Manitoba Human Rights Commission ordered to re-examine LGBTTQ+ curriculum complaint

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A Court of Queen's Bench justice has ordered the Manitoba Human Rights Commission to reconsider a complaint made by three parents who say the province’s curriculum is discriminatory against LGBTTQ+ families.

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Hey there, time traveller!
This article was published 25/08/2021 (462 days ago), so information in it may no longer be current.

A Court of Queen’s Bench justice has ordered the Manitoba Human Rights Commission to reconsider a complaint made by three parents who say the province’s curriculum is discriminatory against LGBTTQ+ families.

Three LGBTTQ+ parents, Michelle McHale, Karen Phillips and Sonja Stone, first filed a complaint with the commission in July 2017, alleging that the school curriculum provided to Manitoban children “fails to reference diversity of gender, sexuality and family; an omission made worse by discretion vested in school decisions and teachers to determine whether, and to what extent, to include such diversity in their lesson plans,” according to the judgement issued Aug. 17.

While the 40-page investigation into the complaint by the commission suggested it go to a public hearing, the commission’s board of directors voted in October 2019 to dismiss the complaint, saying it did not find sufficient evidence that the curriculum “contributes to the creation of a discriminatory learning environment for the (complainants’) children, or other Manitoba students and families.”

RUTH BONNEVILLE / FREE PRESS FILES Michelle McHale and Karen Phillips first filed a complaint with the commission in July 2017.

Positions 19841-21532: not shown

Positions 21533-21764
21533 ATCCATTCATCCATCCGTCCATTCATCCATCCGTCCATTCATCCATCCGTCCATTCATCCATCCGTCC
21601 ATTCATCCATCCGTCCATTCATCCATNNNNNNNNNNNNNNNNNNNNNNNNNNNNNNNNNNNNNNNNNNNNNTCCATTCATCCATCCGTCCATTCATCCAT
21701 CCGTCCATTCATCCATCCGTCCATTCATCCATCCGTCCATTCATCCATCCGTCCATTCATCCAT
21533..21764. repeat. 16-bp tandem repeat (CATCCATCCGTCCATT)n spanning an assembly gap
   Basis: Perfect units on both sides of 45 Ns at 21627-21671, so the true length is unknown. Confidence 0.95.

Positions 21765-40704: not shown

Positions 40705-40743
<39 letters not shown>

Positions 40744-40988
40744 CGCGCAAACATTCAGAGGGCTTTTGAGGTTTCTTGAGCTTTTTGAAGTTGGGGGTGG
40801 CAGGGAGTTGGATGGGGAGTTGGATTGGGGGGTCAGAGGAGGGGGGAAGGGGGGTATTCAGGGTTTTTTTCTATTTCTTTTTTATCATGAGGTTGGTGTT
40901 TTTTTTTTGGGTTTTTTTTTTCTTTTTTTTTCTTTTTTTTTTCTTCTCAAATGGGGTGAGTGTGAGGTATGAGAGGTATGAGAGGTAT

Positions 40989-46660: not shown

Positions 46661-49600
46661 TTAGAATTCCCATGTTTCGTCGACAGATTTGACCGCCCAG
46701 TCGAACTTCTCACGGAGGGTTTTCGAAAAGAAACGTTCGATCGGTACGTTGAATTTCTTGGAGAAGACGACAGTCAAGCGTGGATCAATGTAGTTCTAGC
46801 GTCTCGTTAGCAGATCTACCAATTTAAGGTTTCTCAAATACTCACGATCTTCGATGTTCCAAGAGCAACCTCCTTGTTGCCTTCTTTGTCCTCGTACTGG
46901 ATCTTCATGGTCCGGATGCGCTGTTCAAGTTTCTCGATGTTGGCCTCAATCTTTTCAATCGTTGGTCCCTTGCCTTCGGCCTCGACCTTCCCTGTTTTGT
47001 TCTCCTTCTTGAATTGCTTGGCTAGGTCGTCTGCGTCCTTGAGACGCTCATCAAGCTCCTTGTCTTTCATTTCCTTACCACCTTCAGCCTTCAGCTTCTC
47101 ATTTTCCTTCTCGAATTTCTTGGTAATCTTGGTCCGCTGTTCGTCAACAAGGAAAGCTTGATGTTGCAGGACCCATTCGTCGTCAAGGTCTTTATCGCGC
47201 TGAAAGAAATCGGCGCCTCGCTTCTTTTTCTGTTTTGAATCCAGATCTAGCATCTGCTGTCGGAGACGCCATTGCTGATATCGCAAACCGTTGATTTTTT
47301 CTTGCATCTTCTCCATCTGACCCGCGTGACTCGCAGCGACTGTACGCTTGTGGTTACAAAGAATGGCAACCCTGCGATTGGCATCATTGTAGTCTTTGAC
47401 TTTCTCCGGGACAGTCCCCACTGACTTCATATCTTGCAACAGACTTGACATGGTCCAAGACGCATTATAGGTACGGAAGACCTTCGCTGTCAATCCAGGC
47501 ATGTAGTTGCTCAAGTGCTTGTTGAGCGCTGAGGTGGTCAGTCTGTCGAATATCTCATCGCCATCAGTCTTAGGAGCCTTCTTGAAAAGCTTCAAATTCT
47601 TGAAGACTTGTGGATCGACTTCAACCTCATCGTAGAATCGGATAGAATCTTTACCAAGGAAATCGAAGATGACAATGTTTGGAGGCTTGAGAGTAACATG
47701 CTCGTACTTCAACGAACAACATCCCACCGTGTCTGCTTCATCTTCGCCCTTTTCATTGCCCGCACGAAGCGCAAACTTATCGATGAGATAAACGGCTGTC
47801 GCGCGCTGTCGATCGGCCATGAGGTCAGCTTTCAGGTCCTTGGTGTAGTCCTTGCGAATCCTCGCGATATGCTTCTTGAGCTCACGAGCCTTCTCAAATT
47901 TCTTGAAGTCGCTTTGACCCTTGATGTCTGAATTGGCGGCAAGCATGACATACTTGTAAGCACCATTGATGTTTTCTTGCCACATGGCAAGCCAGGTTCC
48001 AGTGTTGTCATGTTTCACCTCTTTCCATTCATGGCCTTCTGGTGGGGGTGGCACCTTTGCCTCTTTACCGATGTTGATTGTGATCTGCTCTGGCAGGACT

The applicants filed for a judicial review of the decision in November 2019.

Justice David Kroft said the commission had not done enough to explain why they had dismissed the complaint and thus had to re-examine the issue and provide further clarity.

“In the facts of this case, the commission’s decision is lacking. It may well be justifiable but, objectively viewed, it is not sufficiently justified by transparent reasons,” he said.

Allison Fenske of the Public Interest Law Centre, who represented the parents, said while the decision was a positive step, there was still a long way to go before the complaint could be considered based on its merit.

“The reality is, this complaint was about discrimination against (LGBTTQ+) kids and their families,” she said. “And those kids and families continue to suffer and be discriminated against in certain school divisions, so the longer it takes to have this issue considered by an adjudication panel, the more that the allegations my clients have made, that environment continues to exist, and kids are harmed in the process.”

The commission will now reconsider its decision. Fenske said her clients do not know how long it will take and said it was too soon to discuss what the plan of action would be should the commission rule to dismiss the complaint again.

malak.abas@freepress.mb.ca

Twitter: malakabas_

Malak Abas

Malak Abas
Reporter

Malak Abas is a reporter for the Winnipeg Free Press.

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